Columbaria & Cremation Niches

When you choose cremation, you might be surprised to discover how many burial and memorial options there are. Although you have the option to keep an urn at home (or in multiple homes), we’ve discovered that many families want a permanent place to go remember their loved ones. A permanent memorial can be a touchstone to all who follow.

Cremation burial options range from in-ground burials in a family plot or small plots in a cremation garden to aboveground options like columbarium niches.

Find the right final resting place

Explore your many options with The Buyer's Guide to Cemetery Property.

What is a columbarium?

A columbarium is a room or building designed as a final resting place to house cremated remains. Columbaria are permanent structures with banks of cremation niches (similar to cubbyholes, but with secure fronts) that hold cremation urns. A columbarium can be large or small, private or public. Some columbaria have glass-front niches, which allow you to see the cremation urns and any personal artifacts placed with them. Other columbaria have granite-front or bronze-front niches that can be engraved or memorialized with a plaque.

A columbarium can be an indoor, climate-controlled environment or an outdoor garden environment. Columbaria can be part of a cemetery or a stately standalone structure. The buildings range from very simple to quite ornate, like our renowned San Francisco Columbarium.

Not all of these options are available everywhere, so it’s important to talk with a Dignity Memorial® professional about what you would like for your or your loved one's final resting place and what is available to you. We can walk you through each step of planning a funeral or burial.


Outdoor companion cremation columbaria monuments with yellow flowers at Pacific View Memorial Park.

Personalizing a cremation niche in a columbarium

There are 3 kinds of cremation niches: bronze front, granite front and glass front. All 3 options can be customized as a celebration of life, but only a glass-front niche allows for the display of personal treasures.


Granite-front cremation niche with bronze plaque and vase.

Bronze-front niches are sealed with a bronze front that can be engraved with details about a person, similar to a headstone. In addition to names and dates, consider a personal motto, a scripture or even song lyrics that fit your loved one’s personality and reflect the life he or she lived.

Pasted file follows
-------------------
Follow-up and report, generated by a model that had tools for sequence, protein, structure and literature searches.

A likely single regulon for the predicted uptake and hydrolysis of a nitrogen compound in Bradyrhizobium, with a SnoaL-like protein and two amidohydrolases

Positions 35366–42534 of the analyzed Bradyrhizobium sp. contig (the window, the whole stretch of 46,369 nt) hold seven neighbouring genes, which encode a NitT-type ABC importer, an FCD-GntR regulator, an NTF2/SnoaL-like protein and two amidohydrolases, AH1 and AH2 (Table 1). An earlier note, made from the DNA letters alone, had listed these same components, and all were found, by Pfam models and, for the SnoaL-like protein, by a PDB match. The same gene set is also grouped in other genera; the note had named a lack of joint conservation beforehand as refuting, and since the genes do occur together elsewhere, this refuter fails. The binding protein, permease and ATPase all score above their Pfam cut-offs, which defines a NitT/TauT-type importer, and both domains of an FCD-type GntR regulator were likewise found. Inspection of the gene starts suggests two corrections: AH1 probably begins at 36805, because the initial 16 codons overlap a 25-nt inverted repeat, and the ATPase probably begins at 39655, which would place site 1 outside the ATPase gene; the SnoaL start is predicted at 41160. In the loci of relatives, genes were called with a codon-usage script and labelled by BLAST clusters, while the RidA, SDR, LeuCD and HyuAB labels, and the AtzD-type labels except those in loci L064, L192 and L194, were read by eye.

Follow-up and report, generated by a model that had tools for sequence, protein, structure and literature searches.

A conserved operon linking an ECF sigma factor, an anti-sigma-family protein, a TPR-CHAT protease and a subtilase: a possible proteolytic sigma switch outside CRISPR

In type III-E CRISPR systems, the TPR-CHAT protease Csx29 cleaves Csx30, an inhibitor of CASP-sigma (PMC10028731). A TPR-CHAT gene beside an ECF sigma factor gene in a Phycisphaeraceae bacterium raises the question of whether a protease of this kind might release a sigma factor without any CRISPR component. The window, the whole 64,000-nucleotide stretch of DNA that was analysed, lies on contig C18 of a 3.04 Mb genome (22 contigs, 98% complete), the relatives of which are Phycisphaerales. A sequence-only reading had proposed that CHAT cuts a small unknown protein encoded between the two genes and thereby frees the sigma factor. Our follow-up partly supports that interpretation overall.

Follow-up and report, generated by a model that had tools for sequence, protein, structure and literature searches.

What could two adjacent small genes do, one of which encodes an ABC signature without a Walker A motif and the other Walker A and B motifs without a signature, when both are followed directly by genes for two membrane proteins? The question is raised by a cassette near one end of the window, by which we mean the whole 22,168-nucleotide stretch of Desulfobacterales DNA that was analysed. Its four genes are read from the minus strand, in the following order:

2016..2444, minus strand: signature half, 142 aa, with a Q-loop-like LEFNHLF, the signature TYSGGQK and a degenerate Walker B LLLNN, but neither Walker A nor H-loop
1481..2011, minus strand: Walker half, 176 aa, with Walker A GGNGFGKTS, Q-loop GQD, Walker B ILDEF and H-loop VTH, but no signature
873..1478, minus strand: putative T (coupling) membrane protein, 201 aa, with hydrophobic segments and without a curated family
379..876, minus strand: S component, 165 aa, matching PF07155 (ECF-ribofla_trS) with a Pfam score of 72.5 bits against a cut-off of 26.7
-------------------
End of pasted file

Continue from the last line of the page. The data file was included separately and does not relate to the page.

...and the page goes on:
Flowers in a vase on a niche in a Mausoleum at Palm in Las Vegas.

Granite-front niches are sealed with granite. Fronts can be laser-etched with personal details or can have a bronze plaque with an inscription.


Glass-front niche containing an urn, peals and photograph at Ocean View Funeral Home and Burial Park.

Glass-front niches act as shadow boxes, allowing the contents of the niches to be seen. In addition to the cremation urn, families often display photos, jewellery, dried flowers, stuffed toys, notes and small trinkets that are reminders of their loved ones. Because glass doesn’t stand up to the elements as well as granite or bronze, glass-front niches are always inside a columbarium or mausoleum.

Other options for cremation memorials

A niche within a columbarium is just one option for memorializing a loved one who has chosen cremation. Whether you choose an aboveground or below-ground burial, a custom memorial is a lasting tribute to your loved one.

Cremation memorials include statuary, monuments, benches and more, and they are typically laser-etched with names, dates, verses, phrases or illustrations. A custom memorial can be placed near the site where someone is buried and is a permanent place for future generations to visit and remember a loved one.

Create a lasting legacy

Your life is one of a kind. Shouldn’t your final resting place reflect your special story? Choosing cemetery property is an important step in creating a family legacy, establishing a place of remembrance for future generations and paying tribute to a special life. The Buyer’s Guide to Cemetery Property answers all of your questions about this important decision, even if you choose cremation.


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